Experiments in transferring blood between animals occurred as early as the 1660s, back when people really had no idea of what was in blood, or how it differed between individuals. In 1667, a transfusion of blood into a human was proposed, but since the donor usually died in the animal experiments, it was decided to use the blood of a sheep.
But the choice of a human recipient was more difficult. The Royal Society needed someone who was clearly unwell in some way: then they could make the argument that transfusion might improve his health. They also sought an educated person who could report reliably on transfusion’s effects on his body. Ultimately, they settled on Arthur Coga, mentally unstable, but educated—he knew Latin, and had spent some time as a clergyman. Coga’s mental illness might be cured by transfusion; yet it tended to render him unfit to report on the bodily experience of the procedure. The experiment was troubled from the start.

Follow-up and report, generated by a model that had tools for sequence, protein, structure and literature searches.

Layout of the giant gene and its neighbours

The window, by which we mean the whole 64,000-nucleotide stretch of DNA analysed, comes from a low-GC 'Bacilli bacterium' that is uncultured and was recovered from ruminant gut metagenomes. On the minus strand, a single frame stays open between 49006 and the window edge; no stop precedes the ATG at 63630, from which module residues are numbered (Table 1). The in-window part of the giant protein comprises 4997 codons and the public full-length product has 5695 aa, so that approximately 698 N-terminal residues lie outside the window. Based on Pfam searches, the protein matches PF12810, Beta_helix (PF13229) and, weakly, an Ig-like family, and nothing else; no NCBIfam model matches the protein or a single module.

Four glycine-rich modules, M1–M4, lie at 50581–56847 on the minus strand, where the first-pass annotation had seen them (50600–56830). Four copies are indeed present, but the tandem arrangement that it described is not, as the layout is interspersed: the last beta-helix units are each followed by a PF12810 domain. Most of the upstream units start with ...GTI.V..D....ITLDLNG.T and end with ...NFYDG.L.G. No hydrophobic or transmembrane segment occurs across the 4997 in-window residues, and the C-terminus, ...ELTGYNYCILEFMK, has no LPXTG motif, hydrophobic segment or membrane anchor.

The procedure was carried out, but appeared to be a failure because 1. Coga’s mental health did not improve, and 2. the public ridiculed the experiment. There was even a play written that mocked those early experiments. These factors set the research back greatly (as did a murder in France), but the fact remains that Coga survived the procedure, which is astonishing in light of what we’ve learned about blood since that time. Read the story of the first transfusion at JSTOR Daily. -via Digg